Planting a future at College

Kingston Maurward College has taken advantage of an ingenious scheme devised by the Woodland Trust to create more woodland in its call to ‘create a Charter for Trees, Woods and People that will redefine the relationship between trees and people in the UK for the future’.

Working with people, partners and organisations across the UK, the Woodland Trust has restored more than 10,000 hectares of woodland and planted thousands of woods and millions of trees over the past four decades.

As part of this crusade, Kingston Maurward applied for a 2015 Autumn Schools’ pack and planted 420 trees in its Sticklefords field in the north of the estate in November. The planting has been so successful that the College has had its application for an additional Autumn Schools’ Pack of another 420 trees approved for planting this November to further increase its contribution to the environment.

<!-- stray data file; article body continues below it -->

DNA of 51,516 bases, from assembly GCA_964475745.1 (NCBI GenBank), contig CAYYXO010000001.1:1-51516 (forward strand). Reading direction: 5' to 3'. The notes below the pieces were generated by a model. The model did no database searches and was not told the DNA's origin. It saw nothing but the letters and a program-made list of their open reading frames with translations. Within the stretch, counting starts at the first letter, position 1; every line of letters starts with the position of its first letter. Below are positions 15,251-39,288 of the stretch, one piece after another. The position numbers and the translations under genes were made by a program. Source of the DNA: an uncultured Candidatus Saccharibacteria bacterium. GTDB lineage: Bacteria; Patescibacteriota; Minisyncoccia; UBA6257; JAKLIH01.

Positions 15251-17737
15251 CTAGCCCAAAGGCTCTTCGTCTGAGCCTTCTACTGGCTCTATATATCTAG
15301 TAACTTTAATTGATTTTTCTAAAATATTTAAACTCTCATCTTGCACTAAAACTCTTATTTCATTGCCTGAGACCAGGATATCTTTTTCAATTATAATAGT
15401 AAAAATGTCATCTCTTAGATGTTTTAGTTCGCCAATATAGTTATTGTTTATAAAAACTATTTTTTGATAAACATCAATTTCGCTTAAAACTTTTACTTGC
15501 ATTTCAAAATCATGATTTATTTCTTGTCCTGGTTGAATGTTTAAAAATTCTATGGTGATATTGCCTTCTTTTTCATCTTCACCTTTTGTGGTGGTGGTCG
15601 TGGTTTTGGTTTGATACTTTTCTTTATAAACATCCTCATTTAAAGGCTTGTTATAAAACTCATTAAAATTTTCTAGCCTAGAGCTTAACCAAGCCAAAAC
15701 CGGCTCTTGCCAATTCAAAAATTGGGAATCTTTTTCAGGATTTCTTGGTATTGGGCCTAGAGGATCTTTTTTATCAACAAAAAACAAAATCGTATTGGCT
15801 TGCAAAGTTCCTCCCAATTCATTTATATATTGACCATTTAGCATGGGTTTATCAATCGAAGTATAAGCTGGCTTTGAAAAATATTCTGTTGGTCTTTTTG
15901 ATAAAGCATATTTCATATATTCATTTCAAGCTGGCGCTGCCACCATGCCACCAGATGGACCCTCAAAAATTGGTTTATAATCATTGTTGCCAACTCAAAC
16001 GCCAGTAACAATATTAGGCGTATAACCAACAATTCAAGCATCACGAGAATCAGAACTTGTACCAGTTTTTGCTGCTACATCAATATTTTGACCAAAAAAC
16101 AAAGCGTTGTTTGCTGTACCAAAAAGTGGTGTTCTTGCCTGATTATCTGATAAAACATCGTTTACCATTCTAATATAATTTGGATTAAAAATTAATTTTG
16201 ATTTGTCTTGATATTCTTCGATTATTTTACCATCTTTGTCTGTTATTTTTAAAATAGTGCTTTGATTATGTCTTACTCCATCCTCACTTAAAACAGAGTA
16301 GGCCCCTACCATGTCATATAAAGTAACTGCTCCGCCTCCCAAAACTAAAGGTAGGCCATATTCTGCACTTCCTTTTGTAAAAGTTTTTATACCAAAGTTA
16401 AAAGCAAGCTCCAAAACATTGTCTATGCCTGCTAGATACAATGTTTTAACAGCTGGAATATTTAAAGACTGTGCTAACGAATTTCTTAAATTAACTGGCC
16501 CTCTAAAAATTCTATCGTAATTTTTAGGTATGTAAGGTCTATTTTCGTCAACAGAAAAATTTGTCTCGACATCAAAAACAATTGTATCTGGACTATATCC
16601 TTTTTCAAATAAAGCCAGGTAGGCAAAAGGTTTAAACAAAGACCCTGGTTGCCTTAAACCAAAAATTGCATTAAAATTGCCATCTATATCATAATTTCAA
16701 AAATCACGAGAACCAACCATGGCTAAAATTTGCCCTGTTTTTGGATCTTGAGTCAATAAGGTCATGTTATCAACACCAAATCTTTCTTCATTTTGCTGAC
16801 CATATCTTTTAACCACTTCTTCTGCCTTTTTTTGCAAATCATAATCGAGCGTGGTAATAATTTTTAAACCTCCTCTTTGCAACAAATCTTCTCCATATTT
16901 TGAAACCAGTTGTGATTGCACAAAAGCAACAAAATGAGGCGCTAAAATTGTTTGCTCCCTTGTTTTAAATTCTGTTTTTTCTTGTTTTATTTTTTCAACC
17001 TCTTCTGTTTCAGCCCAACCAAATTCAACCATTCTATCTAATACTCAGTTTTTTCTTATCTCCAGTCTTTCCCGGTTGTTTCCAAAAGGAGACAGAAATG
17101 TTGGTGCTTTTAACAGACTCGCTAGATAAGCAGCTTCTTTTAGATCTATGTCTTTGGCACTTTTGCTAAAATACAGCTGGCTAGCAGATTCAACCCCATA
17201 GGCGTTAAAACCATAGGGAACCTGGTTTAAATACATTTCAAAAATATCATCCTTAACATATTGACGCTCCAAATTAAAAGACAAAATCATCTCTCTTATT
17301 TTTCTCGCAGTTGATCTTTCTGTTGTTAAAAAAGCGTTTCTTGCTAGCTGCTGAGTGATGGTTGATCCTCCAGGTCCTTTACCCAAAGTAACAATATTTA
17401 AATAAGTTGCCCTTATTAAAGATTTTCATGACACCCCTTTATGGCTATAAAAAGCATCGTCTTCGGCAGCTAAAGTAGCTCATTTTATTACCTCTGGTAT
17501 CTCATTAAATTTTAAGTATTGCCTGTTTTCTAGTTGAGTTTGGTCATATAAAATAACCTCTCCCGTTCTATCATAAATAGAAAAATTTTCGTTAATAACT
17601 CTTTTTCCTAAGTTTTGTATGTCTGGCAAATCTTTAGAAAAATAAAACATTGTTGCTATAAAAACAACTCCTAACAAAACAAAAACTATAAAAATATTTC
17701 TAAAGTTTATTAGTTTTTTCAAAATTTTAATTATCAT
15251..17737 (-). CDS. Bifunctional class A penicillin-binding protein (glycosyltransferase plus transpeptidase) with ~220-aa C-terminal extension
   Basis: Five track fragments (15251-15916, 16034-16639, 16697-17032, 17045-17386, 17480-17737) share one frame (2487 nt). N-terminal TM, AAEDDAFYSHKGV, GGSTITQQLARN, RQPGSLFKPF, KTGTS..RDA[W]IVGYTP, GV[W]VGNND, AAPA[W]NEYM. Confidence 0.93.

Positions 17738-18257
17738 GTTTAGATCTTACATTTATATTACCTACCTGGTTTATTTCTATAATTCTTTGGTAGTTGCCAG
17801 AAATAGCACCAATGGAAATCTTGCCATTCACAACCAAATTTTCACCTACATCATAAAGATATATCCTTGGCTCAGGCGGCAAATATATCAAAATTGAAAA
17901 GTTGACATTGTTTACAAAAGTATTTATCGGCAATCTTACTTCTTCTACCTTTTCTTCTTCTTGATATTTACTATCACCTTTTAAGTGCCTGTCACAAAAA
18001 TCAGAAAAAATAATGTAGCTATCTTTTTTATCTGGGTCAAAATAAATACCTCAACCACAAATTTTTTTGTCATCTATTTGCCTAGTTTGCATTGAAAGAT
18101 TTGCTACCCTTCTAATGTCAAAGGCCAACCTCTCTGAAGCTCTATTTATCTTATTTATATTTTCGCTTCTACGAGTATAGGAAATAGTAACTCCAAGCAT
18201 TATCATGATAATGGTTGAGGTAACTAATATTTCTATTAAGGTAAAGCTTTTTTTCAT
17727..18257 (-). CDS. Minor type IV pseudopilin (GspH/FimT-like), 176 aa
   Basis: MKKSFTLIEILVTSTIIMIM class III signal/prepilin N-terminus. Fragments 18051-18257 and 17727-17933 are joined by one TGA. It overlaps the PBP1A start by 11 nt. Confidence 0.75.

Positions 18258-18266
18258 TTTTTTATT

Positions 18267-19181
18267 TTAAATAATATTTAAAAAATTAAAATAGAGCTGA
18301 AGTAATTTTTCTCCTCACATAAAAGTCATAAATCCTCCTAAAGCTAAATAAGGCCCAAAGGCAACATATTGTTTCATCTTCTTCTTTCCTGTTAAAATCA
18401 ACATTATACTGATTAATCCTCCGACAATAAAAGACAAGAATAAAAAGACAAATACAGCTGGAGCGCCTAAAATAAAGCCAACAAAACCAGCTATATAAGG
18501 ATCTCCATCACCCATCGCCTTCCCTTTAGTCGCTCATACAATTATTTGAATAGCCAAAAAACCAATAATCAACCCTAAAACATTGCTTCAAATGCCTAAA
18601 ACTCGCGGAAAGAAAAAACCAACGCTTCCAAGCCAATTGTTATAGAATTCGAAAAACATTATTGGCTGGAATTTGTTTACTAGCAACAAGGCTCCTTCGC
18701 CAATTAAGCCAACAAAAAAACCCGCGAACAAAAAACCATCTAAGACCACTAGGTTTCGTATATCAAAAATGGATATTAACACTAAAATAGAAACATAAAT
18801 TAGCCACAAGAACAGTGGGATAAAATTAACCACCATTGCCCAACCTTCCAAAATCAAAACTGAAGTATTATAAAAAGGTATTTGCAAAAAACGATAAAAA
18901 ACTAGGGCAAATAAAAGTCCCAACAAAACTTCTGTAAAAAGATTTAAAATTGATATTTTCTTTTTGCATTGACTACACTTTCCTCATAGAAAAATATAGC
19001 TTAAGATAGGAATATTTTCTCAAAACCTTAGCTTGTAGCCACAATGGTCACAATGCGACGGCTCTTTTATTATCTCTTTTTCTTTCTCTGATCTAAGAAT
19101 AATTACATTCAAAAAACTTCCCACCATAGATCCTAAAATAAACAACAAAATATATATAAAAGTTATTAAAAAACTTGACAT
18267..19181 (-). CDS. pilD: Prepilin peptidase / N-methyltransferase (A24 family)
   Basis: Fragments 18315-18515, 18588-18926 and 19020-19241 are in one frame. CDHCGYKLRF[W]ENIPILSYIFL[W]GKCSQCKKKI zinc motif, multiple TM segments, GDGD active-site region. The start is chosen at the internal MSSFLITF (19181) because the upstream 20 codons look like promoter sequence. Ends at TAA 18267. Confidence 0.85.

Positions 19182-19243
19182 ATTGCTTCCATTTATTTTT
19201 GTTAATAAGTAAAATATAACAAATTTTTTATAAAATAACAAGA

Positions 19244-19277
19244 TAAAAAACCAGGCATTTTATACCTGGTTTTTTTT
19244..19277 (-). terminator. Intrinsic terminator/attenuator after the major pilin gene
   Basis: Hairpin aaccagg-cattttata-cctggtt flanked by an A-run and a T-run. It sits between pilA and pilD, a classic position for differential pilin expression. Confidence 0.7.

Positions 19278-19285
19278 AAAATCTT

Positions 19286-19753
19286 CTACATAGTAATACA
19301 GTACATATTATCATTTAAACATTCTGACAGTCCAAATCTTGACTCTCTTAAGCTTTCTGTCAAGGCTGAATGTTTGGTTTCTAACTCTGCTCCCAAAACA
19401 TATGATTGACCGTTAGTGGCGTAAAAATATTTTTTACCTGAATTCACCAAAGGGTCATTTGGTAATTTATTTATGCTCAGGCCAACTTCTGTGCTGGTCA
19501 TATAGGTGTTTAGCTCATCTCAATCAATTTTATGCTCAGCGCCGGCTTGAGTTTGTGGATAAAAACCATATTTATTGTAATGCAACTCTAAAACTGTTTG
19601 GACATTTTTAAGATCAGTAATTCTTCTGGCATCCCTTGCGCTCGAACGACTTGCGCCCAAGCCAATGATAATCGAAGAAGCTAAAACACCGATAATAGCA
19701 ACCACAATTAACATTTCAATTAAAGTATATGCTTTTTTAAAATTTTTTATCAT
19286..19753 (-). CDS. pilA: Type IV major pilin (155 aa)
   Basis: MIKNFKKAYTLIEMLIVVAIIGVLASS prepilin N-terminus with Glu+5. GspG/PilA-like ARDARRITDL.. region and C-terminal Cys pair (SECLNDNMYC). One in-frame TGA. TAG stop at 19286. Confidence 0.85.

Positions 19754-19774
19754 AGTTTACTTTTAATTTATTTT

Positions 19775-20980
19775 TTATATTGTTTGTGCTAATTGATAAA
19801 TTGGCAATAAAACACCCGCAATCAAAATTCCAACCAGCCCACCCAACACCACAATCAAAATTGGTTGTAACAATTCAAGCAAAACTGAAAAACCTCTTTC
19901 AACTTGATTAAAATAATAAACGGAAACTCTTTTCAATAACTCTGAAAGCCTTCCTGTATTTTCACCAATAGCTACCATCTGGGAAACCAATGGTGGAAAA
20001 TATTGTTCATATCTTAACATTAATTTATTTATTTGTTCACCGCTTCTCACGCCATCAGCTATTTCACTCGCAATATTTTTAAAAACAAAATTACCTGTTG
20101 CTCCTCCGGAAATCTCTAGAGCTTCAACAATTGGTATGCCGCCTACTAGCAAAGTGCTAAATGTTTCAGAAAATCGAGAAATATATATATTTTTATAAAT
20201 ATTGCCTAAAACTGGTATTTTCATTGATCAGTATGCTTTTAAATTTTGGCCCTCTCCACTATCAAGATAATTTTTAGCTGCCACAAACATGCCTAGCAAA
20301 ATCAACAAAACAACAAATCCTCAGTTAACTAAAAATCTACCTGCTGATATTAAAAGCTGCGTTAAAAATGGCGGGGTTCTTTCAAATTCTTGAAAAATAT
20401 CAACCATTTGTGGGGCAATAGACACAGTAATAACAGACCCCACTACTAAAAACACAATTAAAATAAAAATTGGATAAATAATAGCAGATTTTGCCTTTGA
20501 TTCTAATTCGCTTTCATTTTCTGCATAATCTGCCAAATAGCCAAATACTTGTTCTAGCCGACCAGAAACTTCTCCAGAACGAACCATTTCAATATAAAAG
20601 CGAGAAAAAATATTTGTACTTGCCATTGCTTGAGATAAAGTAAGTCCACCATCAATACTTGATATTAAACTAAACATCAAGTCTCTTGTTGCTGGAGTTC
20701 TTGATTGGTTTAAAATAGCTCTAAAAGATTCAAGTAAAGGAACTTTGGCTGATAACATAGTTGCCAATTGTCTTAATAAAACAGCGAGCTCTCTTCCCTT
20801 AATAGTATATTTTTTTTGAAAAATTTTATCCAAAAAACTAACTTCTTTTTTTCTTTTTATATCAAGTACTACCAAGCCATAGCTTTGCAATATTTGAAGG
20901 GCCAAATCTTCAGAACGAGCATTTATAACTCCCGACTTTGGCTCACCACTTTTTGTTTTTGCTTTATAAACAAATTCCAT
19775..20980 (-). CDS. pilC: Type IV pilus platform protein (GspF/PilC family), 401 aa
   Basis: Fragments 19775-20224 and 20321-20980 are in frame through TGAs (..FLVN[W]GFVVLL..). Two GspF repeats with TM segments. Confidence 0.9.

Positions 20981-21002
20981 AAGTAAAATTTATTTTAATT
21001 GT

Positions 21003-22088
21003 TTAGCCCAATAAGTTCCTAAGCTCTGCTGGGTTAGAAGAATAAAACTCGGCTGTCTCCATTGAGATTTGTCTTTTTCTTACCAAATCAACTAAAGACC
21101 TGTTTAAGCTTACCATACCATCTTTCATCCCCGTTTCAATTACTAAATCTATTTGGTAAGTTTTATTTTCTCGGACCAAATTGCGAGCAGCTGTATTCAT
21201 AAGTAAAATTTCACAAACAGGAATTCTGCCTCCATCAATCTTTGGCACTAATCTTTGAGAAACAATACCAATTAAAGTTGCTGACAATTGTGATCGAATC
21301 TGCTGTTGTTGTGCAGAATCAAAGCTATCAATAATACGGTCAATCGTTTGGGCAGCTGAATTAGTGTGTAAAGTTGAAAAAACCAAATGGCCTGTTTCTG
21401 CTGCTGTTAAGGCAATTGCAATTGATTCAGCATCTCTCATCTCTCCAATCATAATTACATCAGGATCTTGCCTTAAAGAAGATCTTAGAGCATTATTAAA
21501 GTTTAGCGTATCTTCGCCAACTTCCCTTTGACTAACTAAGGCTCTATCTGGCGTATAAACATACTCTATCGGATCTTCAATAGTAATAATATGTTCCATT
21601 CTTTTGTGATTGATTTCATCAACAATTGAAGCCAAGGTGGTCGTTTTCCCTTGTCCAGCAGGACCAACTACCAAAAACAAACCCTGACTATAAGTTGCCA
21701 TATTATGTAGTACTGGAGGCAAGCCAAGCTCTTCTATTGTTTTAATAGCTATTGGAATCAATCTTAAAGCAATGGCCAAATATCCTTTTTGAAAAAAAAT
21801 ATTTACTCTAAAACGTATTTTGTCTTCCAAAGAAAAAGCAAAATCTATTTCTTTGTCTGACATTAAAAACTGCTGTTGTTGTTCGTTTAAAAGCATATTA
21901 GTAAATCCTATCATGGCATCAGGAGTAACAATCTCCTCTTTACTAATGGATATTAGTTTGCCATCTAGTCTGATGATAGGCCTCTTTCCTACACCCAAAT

The College opted for the ‘Wildlife’ pack which comprised Hawthorn, Hazel, Rowan, Blackthorn, Oak and Silver Birch for their seeds, fruit and nuts vital for the survival of our native wildlife. The Silver Birch will provide a nurse crop to the others, and all will take 3-4 years’ growth to become of benefit to wildlife.

Head Gardener, Nigel Hewish, said: “This is an excellent opportunity for us to provide vital wildlife corridors, connecting our students with nature and linking up our woodland areas.”

Level 1 Horticulture student Richard Hann, said: “It was a really enjoyable project as we learned how to plant trees properly which will benefit the environment in the future.”

For more information or to apply for a Schools’ or Community Pack go to

Horticulture courses, Woodland Trust

Green Fingers: L-R Tutor Mariel Gabriel, students: Hugo Bartlett, Richard Hann, Simon Moody, Jordon Meldrum, David Coombs, Samuel Adams, and Head Gardener Nigel Hewish.

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